python – Which is more preferable to use: lambda functions or nested functions (def)?

python – Which is more preferable to use: lambda functions or nested functions (def)?

If you need to assign the lambda to a name, use a def instead. defs are just syntactic sugar for an assignment, so the result is the same, and they are a lot more flexible and readable.

lambdas can be used for use once, throw away functions which wont have a name.

However, this use case is very rare. You rarely need to pass around unnamed function objects.

The builtins map() and filter() need function objects, but list comprehensions and generator expressions are generally more readable than those functions and can cover all use cases, without the need of lambdas.

For the cases you really need a small function object, you should use the operator module functions, like operator.add instead of lambda x, y: x + y

If you still need some lambda not covered, you might consider writing a def, just to be more readable. If the function is more complex than the ones at operator module, a def is probably better.

So, real world good lambda use cases are very rare.

Practically speaking, to me there are two differences:

The first is about what they do and what they return:

  • def is a keyword that doesnt return anything and creates a name in the local namespace.

  • lambda is a keyword that returns a function object and does not create a name in the local namespace.

Hence, if you need to call a function that takes a function object, the only way to do that in one line of python code is with a lambda. Theres no equivalent with def.

In some frameworks this is actually quite common; for example, I use Twisted a lot, and so doing something like

d.addCallback(lambda result: setattr(self, _someVariable, result))

is quite common, and more concise with lambdas.

The second difference is about what the actual function is allowed to do.

  • A function defined with def can contain any python code
  • A function defined with lambda has to evaluate to an expression, and can thus not contain statements like print, import, raise, …

For example,

def p(x): print x

works as expected, while

lambda x: print x

is a SyntaxError.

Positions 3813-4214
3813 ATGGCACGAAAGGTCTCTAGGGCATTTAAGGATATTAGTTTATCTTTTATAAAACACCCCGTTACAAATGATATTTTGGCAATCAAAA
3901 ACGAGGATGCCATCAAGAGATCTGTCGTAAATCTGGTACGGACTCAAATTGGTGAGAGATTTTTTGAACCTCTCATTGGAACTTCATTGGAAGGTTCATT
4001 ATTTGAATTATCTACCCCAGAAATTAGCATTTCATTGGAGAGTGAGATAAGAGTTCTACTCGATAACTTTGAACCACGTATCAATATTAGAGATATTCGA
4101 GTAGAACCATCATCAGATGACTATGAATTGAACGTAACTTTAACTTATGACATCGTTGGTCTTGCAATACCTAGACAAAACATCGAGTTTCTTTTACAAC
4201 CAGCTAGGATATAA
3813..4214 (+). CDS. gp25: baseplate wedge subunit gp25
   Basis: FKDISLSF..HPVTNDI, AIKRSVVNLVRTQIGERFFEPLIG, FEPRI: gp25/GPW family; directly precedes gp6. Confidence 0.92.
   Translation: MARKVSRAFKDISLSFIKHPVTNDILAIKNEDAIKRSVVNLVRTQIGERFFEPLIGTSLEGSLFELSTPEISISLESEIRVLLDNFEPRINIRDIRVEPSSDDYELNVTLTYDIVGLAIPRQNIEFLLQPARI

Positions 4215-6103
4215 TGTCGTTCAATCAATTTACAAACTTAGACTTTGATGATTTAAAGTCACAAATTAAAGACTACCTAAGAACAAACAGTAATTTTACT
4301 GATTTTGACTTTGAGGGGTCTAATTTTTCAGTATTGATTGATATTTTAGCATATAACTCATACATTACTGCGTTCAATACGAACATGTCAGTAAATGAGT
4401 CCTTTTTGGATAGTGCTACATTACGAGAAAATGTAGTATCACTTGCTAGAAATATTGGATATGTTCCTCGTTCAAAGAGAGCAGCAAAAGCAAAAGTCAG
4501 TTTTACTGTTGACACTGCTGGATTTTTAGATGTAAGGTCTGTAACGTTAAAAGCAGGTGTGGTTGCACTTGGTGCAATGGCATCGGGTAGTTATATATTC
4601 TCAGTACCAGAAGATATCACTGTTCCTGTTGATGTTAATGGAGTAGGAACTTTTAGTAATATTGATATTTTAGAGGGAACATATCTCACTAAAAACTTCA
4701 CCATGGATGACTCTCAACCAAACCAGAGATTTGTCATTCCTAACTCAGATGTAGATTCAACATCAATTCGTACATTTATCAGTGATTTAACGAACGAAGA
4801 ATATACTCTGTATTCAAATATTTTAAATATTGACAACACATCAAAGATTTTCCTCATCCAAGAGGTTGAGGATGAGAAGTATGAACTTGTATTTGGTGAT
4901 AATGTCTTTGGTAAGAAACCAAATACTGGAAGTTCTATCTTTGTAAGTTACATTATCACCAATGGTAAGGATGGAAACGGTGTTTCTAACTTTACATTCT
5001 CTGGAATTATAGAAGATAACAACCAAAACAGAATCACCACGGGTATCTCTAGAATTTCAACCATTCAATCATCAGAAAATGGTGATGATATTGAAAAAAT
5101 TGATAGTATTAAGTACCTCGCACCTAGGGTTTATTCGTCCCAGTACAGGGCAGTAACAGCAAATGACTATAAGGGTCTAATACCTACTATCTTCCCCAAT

Of course, there are workarounds – substitute print with sys.stdout.write, or import with __import__. But usually youre better off going with a function in that case.

python – Which is more preferable to use: lambda functions or nested functions (def)?

In this interview, Guido van Rossum says he wishes he hadnt let lambda into Python:

Q. What feature of Python are you least pleased with?

Sometimes Ive been too quick in accepting contributions, and later realized that it was a mistake. One example would be some of the functional programming features, such as lambda functions. lambda is a keyword that lets you create a small anonymous function; built-in functions such as map, filter, and reduce run a function over a sequence type, such as a list.

In practice, it didnt turn out that well. Python only has two scopes: local and global. This makes writing lambda functions painful, because you often want to access variables in the scope where the lambda was defined, but you cant because of the two scopes. Theres a way around this, but its something of a kludge. Often it seems much easier in Python to just use a for loop instead of messing around with lambda functions. map and friends work well only when theres already a built-in function that does what you want.

IMHO, Iambdas can be convenient sometimes, but usually are convenient at the expense of readibility. Can you tell me what this does:

str(reduce(lambda x,y:x+y,map(lambda x:x**x,range(1,1001))))[-10:]

I wrote it, and it took me a minute to figure it out. This is from Project Euler – i wont say which problem because i hate spoilers, but it runs in 0.124 seconds 🙂

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